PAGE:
Editorial |What’s expected of the political ombudsman?
DONNA PARCHMENT Brown’s proposal that her mandate be widened, allowing for criminal referrals to the director of public prosecutions (DPP) for election offences, such as those relating to campaign financing, makes sense on the face of it.
For, given the toothlessness of the legislation the political ombudsman oversees, Mrs Parchment Brown, like her predecessors, is really a paper tiger. After her growls, she has little but moral cessation with which to enforce compliance with her orders.
But the ombudsman’s suggestion, in her report for 2018, tabled in Parliament on Tuesday, and in subsequent remarks to this newspaper, raises two fundamental issues that deserve attention. One (assuming that Mrs Parchment Brown is right that a lacuna exits between allegations of vote-buying and under-reporting of campaign donations, and the prosecution of such cases) has to do with the responsibilities of the Electoral Commission of Jamaica (ECJ) with respect to these matters and whether it is falling down on the job.
More critically, though, is the need for another hard look at, and frank debate about, the relevance of the Office of the Political Ombudsman, and if we think it continues to be relevant, what ought to be its role going forward. In other words, we want a combination of what should have happened eight years ago at the first stab at a review of the political ombudsman law, and a process we urged Mrs Parchment Brown to lead when she became political ombudsman in 2015.
Arbiter of Good Behaviour
The office of ombudsman is a commission, established in the 1980s when political party rivalry was still extreme and elections likely to be violent. The ombudsman was to be a sort of arbiter of good behaviour between the parties, which agreed to adhere to voluntary codes of conduct, especially during campaign season.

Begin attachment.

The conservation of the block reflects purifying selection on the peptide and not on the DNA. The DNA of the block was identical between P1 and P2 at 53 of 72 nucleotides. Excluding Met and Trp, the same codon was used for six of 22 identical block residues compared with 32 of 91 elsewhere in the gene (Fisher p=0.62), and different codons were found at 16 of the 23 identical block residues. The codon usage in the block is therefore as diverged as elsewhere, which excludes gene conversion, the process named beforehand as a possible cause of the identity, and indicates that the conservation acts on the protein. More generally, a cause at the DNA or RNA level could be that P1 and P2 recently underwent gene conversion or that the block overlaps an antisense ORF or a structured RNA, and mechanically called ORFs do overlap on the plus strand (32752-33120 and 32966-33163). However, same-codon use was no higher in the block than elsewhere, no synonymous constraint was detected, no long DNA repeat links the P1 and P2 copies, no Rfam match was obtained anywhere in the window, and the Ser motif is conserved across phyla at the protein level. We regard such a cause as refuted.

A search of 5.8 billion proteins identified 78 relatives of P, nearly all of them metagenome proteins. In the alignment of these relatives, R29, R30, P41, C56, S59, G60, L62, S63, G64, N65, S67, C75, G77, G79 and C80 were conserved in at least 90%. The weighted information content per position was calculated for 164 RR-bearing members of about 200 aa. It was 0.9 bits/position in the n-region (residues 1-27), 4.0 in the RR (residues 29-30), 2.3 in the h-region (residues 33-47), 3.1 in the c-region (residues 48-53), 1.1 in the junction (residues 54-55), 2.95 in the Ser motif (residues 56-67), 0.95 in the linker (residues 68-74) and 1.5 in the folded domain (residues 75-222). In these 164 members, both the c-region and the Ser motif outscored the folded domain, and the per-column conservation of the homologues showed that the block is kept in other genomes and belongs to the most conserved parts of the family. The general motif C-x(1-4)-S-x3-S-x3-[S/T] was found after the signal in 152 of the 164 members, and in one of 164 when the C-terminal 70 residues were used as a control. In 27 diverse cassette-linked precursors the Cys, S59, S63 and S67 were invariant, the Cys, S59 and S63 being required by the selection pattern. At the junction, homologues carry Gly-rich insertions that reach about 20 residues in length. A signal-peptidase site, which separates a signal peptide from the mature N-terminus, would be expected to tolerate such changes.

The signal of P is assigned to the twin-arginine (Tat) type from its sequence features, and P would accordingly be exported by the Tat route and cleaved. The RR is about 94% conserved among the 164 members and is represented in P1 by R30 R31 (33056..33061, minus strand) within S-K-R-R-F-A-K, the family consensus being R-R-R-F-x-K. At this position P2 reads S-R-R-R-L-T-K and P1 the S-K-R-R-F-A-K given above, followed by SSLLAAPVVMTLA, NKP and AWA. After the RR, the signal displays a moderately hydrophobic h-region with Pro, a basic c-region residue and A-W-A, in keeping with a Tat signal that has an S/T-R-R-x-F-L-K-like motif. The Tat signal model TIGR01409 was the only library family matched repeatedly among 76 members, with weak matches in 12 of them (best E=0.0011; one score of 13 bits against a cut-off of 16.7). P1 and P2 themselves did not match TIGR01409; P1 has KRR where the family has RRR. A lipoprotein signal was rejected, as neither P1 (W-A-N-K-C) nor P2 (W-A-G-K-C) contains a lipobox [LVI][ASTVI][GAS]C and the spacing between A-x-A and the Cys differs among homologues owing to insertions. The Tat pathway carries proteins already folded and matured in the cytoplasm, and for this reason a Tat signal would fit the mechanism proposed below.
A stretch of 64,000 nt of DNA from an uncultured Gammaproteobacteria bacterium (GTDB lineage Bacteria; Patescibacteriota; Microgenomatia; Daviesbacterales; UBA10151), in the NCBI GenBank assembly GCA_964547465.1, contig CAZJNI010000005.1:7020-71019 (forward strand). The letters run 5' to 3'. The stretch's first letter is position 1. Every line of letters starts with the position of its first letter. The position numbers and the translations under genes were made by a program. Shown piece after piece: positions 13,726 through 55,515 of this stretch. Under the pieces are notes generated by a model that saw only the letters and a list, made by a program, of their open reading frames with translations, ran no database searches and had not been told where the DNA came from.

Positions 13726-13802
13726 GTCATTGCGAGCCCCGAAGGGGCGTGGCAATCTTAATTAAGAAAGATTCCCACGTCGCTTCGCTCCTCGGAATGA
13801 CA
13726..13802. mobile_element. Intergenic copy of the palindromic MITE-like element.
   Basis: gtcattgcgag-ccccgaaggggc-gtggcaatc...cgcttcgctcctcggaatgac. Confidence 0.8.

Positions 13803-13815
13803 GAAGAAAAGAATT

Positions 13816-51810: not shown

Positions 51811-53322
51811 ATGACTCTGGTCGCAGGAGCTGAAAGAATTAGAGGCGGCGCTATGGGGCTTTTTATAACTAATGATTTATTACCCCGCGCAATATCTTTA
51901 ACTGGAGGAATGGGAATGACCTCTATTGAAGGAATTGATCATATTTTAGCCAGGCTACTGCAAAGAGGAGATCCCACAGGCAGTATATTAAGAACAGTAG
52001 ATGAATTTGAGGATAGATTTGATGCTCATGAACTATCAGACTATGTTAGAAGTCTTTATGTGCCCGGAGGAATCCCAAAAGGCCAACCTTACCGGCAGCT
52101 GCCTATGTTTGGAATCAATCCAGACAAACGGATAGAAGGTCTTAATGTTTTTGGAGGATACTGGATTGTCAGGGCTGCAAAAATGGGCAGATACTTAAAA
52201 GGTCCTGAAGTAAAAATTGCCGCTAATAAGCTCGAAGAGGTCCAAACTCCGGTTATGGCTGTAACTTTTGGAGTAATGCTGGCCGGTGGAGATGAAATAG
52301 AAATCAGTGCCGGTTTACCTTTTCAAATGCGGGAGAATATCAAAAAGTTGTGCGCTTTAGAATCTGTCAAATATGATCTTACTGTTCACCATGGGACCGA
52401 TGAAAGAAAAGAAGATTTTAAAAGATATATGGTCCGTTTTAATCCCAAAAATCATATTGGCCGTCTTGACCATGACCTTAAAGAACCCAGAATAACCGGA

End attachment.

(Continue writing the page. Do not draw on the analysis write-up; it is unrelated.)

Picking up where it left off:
Indeed, the law authorises the ombudsman to investigate actions by political parties and their adherents that would either violate these codes or was “likely to prejudice good relations between the supporters of various political parties”. The latter phrasing gives the political ombudsman a relatively wide legal realm within which to roam, as the office holders sometimes do.
Yet, having initiated an investigation on her own volition, or conducted a probe consequent to a complaint, the ombudsman has no power to impose sanctions on a person against whom she makes an adverse finding. She sends her findings to the prime minister and the leader of the Opposition, who, invariably, are the leaders of their parties, and/or to other designated persons within the political organisations.
These reports gather dust. After all, it is hard for political leaders, except maybe in the most egregious circumstances, to sanction their officials and members.
Then there is this twist. Increasingly, the matters that come before the political ombudsman are not the hardcore violence of the old days. Littering with political paraphernalia is now a big issue, as is the disputatious brawls between the rival political lots on social media.
The really big questions, like the partisan corralling of state resources to support campaigns, are matters that fall within the purview of the Integrity Commission. And vote-buying, which has exercised Mrs Parchment Brown, is a specific offence under the Representation of the People Act, which ought to be investigated and prosecuted by the police, with the support of the DPP.
Maybe the ombudsman is right that her office should have a hand in this. But then the oversight and conduct of elections is also the specific responsibility of the ECJ, to which political parties are supposed to, by law, account for donations. Donors, too, are to tell the ECJ what they give, once it reaches the benchmarked sum.
Mrs Parchment Brown implies that accounting for these is not robust enough. “It’s OK to give the money (to parties),” she told this newspaper. “But a failure to submit a report could lead to a fine of J$1 million ... who is making that happen?” Maybe the ECJ should tell us. They might also help with information about vote-buying cases investigated by the police, prima facie evidence of which Mrs Parchment Brown would, at times, likely refer to the DPP. She now has no such mandate, except if she exercised one, at common law, as a private citizen.
These matters should be on the agenda for debate, including, as we noted at the start of Mrs Parchment Brown’s tenure, whether the office of the political ombudsman should take over some of the expanded functions on which the public expects the ECJ to lead. Or, maybe if it continues to exist, the office of the political ombudsman should head into radical new directions. The bottom line is that it is all worthy of serious discussion.